February is known as Heart Disease Awareness Month and it is very important for all of us to be able to recognize signs as well as symptoms of a heart attack.
Angina Pectoris, known as angina, is a syndrome characterized by pain, pressure, numbness, or heaviness that occurs on the area around the chest or behind the chest bone. This results from a disproportion between oxygen supply and demand, and is most commonly caused by the inability of coronary arteries to perfuse the heart under conditions of increased myocardial oxygen consumption. It may also occur in patients with seemingly normal coronary arteries subjected to acute or chronic increase in myocardial work, such as aortic stenosis, hypertension, or hypertrophic cardiomyopathy.
Chest pain that is brought on by exertion and relieved by rest is known as stable angina; a fairly common condition affecting many people. This condition is found in people who have narrowed vessels in their heart (coronary artery disease). The chest pain is felt because the blood is having trouble circulating through the heart and therefore the supply of oxygen the heart requires is diminished. It is treated with a drug called nitroglycerin, a vasodilator to open up the cardiac vessels, thus promoting adequate circulation and meeting the heart’s oxygen demand.
Chest pain that is unrelieved by rest is known as unstable angina and could be indicative of a pending acute myocardial infarction; known as a heart attack. This chest pain occurs randomly and is not brought on by exertion like stable angina. In fact it may even occur while the person is resting and/or wake up a person from sleeping. This type of angina is of great concern because it is associated with Acute Coronary Syndrome (ACS).
Chest pain associated with irregular angina occurs as a result of transient coronary artery spasms is known as Prinzmetal angina. These spasms can occur either at rest or with exertion. Unlike stable or unstable angina, there is no plaque or fatty deposition present inside the coronary arteries and if the arteries are looked at on an angiography, the spasms are seen and the arteries appear normal in appearance.
Acute Coronary Syndrome (ACS)
Acute Coronary Syndrome (ACS) refers to a range of symptoms; the same symptoms associated with a heart attack (chest pain unrelieved by rest, pain in upper arms, neck or jaws, nausea and vomiting, etc.). ACS is almost always associated with rupture of an atherosclerotic plaque; resulting in partial or complete occlusion of a cardiac artery and if it is not treated emergently, a heart attack will occur.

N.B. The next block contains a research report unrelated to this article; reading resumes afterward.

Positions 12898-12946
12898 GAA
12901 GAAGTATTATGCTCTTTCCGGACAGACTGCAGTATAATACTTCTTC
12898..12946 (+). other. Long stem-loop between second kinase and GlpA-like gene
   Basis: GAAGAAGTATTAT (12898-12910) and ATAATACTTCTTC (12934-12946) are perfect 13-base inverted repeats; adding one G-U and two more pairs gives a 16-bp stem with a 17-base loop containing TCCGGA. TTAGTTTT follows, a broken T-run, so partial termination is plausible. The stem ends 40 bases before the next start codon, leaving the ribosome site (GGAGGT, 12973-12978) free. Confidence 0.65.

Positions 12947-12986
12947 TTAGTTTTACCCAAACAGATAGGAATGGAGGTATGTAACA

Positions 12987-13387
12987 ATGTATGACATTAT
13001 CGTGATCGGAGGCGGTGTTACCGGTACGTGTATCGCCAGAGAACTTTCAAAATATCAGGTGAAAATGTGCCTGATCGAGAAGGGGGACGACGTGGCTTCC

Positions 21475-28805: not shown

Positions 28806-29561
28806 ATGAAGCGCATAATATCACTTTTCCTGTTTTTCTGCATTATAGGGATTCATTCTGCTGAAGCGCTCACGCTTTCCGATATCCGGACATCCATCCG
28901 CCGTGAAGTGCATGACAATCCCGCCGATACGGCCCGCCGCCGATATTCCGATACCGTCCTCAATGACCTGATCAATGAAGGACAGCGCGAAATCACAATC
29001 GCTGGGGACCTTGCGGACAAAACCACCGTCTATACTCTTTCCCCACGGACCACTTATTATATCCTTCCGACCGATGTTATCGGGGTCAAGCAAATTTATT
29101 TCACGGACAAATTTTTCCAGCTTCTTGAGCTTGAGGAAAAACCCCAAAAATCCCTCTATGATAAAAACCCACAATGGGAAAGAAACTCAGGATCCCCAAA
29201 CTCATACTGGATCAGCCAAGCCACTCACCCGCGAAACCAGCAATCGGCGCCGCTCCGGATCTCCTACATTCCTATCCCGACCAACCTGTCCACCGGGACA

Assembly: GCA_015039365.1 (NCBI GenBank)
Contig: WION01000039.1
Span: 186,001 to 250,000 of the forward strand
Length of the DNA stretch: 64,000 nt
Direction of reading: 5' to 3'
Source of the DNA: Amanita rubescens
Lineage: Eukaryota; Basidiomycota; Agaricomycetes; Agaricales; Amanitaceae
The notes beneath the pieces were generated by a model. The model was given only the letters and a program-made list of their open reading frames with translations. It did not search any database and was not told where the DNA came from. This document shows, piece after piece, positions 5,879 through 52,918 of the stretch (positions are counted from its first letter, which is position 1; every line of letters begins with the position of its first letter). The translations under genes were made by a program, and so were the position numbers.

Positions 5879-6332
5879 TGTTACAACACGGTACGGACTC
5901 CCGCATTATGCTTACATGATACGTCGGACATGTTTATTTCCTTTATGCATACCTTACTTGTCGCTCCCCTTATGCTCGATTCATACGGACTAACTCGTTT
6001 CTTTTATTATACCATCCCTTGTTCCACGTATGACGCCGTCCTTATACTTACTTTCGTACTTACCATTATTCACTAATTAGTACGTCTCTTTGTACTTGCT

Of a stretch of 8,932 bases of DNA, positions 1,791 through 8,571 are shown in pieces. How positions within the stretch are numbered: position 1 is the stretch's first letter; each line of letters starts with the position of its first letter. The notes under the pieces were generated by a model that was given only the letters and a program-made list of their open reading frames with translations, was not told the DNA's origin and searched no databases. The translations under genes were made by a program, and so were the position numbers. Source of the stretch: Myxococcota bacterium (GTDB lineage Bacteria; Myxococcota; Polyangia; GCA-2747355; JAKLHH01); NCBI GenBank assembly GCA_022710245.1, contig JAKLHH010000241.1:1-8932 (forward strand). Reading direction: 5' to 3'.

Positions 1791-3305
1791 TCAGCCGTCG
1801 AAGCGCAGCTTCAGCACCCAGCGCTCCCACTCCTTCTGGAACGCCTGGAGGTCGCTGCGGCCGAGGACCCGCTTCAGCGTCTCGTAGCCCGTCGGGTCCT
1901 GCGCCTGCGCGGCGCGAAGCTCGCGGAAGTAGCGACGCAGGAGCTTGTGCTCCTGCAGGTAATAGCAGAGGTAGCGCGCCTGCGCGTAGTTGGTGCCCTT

The majority of heart attacks begin with chest pain. This pain may begin in the center of the chest and radiate to other areas of the upper body (such as arms, neck and/or jaws). There is no traditional way for chest pain to present itself. Know that everyone person is an individual. It was once thought that if one is having a heart attack the chest pain radiates to the left arm only. Now it is known that chest pain associated with a heart attack may affect the right arm as well. Along with the chest pain associated with a heart attack one may experience a crushing and/or squeezing sensation in the chest area and also become short of breath, break out in a cold sweat and experience nausea and vomiting. Also, heart attack victims often verbalize that they feel a sense of impending doom. Any of these symptoms should be recognized as an alert and emergent care is warranted!
A naturopathic practitioners’ focus is to prevent a heart attack from occurring. So they concentrate on prudent heart living; consisting of lifestyle changes such as dietary, exercising, weight-loss, decreasing stress load, smoking cessation, and other natural remedies to treat heart disease.
Conventional practitioners prescribe Nitroglycerin, a powerful vasodilator to treat angina. This is one of the oldest and most frequently used drugs for treating attacks of angina. Arjuna Bark is an herb that is also a vasodilator and is used to treat angina naturally. This herb must not be taken unless your healthcare practitioner approves it for your use.
Once a heart attack begins, urgent interventions are needed. Chest pain unrelieved by rest and/or with nitroglycerin is a medical emergency. This is a condition that will require conventional interventions. There are no natural remedies that can be carried out to save someone’s life once a heart attack is in process! Therefore, if someone you know demonstrates positive signs of having a heart attack, it is imperative to call 911 first, administer an aspirin next, then administer a vasodilator (if the victim has a history of angina and has been prescribed one for treatment), be prepared to perform CPR and stay with the individual until the emergency medical personnel arrive. Administering an aspirin immediately when someone is having a heart attack prevents the formation of blood clotting; therefore increasing a heart attack victim’s survival rate more than twenty percent.
Worldwide over seven million people die yearly from coronary heart disease. It is the leading cause of death. Keep in mind that fifty percent of the deaths that occur from a heart attack happen within the 1st hour. This explains why people who survive heart attacks are the ones who receive emergent treatment immediately. There is no time to waste. You must think and act fast to sustain life.
Let’s be heart-wise everyday.